Multiple Locations, California and New York
At the beginning of 2021, Union Bank came to us with a need to decommission multiple locations throughout California and New York. They maintained 84,122 cubic feet of assets in storage at our 120,000 sf warehouse in Pico Rivera, CA. With a need to eliminate 70% of their storage space, we worked together to yield huge savings to their bottom line and support the community around them.
Union Bank had a need, like many others, to consolidate a sprawling array of space. This included the company’s entire Los Angeles headquarters – eight floors in total – San Diego, New York, and Santa Barbara.
Together we tackled:
Unisource Solutions was tasked with redesigning and reconfiguring existing furniture to consolidate Union Bank’s remaining locations; a process that would help them to better fit the changing market and create a more efficient portfolio. We worked to create a more standardized furniture aesthetic by removing parts of the older furniture lines, introducing a new furniture manufacturer, and organizing decommission efforts across each building and department. Through this we streamlined standardization, synced the Haworth furniture, and successfully pulled and decommissioned 70% of the inventory stored in our warehouse.
Using the hefty amount of furniture displaced by the decommission, the Unisource Solutions team considered furniture applications for Union Bank’s new building.
We built a standardization playbook, which would ultimately help to keep each separate workplace looking streamlined. The team incorporated new Haworth furniture and workstations into the mix of existing product. As much as possible, we reused and reconfigured existing furniture in the new spaces, which meant removing the furniture from storage and reinstalling it as needed.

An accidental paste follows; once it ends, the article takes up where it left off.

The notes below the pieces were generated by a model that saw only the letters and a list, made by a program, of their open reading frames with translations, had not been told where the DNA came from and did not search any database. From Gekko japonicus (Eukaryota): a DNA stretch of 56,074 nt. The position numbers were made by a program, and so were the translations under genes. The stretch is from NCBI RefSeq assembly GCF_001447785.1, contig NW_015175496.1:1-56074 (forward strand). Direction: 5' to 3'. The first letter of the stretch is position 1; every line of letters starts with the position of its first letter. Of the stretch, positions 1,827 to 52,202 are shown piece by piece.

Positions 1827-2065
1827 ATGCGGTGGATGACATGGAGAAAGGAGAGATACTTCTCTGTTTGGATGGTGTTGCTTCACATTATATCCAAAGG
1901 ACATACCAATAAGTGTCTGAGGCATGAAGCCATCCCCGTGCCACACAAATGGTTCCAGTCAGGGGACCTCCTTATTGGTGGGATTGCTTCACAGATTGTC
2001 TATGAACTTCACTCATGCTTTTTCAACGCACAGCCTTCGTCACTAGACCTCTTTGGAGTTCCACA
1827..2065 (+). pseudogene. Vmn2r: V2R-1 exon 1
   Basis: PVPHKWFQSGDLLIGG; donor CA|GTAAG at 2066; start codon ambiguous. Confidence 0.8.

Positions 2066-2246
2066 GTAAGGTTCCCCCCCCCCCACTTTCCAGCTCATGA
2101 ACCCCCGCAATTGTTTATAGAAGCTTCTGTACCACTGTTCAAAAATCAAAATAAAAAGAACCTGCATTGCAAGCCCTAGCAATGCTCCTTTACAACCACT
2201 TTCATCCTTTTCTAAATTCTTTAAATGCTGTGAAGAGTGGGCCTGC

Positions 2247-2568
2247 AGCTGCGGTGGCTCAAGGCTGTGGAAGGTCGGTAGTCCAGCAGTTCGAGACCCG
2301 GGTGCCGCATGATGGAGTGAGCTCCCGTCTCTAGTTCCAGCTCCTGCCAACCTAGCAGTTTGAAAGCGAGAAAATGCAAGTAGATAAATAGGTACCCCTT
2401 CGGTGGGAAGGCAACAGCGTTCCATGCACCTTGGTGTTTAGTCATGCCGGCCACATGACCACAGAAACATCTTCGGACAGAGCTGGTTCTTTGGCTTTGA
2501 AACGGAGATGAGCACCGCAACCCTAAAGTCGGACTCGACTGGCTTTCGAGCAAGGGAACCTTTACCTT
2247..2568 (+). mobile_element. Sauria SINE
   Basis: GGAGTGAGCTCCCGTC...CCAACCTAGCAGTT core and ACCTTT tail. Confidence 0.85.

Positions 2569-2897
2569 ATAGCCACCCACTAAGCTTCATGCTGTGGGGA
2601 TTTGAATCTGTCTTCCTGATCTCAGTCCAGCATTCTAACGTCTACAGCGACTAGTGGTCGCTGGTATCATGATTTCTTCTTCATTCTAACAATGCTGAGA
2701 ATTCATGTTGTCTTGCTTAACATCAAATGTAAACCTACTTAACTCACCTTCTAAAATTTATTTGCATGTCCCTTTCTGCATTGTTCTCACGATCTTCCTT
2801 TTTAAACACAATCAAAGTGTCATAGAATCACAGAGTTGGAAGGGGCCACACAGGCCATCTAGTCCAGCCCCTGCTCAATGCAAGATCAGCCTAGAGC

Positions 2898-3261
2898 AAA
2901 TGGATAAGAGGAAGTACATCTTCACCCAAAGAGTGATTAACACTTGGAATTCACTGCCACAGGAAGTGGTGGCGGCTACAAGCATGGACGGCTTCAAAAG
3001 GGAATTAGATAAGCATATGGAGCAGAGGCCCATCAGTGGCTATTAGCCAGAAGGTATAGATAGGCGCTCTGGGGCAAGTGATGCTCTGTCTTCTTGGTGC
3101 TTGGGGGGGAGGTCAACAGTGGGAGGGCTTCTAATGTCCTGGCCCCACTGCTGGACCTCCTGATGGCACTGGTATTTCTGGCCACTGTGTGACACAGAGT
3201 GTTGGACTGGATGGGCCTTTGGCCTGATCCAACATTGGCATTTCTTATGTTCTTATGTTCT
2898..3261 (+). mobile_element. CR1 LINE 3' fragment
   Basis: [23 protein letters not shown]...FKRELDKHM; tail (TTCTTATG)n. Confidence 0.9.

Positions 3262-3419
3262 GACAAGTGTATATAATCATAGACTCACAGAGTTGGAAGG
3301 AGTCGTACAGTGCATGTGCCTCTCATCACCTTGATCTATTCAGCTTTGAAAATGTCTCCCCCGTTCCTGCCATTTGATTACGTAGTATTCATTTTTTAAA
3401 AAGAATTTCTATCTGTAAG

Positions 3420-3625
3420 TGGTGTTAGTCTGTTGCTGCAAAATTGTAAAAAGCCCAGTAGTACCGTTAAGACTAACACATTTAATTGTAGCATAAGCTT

With so many assets being disposed of, Union Bank asked that Unisource Solutions manage a mass donation of the excess furniture from their sites to local non-profit organizations that are part of the Union Bank umbrella.
We often provide decommissioning services to our clients, but with an engagement of this size and in a pandemic, we carefully took on our challenge. We began by sending private notice of the event to a few non-profits, and then promoted via social media. Given the quality and quantity of assets available, the social media promotion was quickly noticed and resulted in over 200 organizations calling to visit our warehouse; hoping to participate in the donation.
We worked overtime in delegating calls and organizing the crowd in our office lobby. The Union Bank team, Amira Marouf and Joe Trainer, took participants through the warehouse in groups of 20. They made sure to limit how much product each organization could take, so that we would have enough for each charity to benefit substantially. In instances where a particular organization needed a bit more, our warehouse manager, Jorge Arellano, worked with other clients of ours to participate and donate needed parts. We passed out stickers and pens so that people could tag and reserve the furniture they wanted, then we made a list of “wants” for organizations that did not get enough furniture so that Union Bank could work to delegate furniture to them from future decommissions.
This massive decommissioning work not only benefit the community and Union Bank but was hugely gratifying to the Unisource Solutions team. The team loved being a part of a significant effort to give back locally and support sustainable practices for our clients.
Ultimately, Unisource Solutions donated furniture to 50 charities across California. Each organization was a part of our warehouse visit and chose their furniture. We reduced Union Bank’s storage inventory by 70%, and we did so by following the standards they preferred.
While Unisource Solutions warehouse project to reduce Union Bank’s space is done, we are still decommissioning other spaces for the company. Our goal is to continue maintaining Union Bank’s design standards and avoid the addition of a large inventory – all while reusing what they do have to minimize the financial cost of buying and environmental cost of manufacturing more product for their spaces.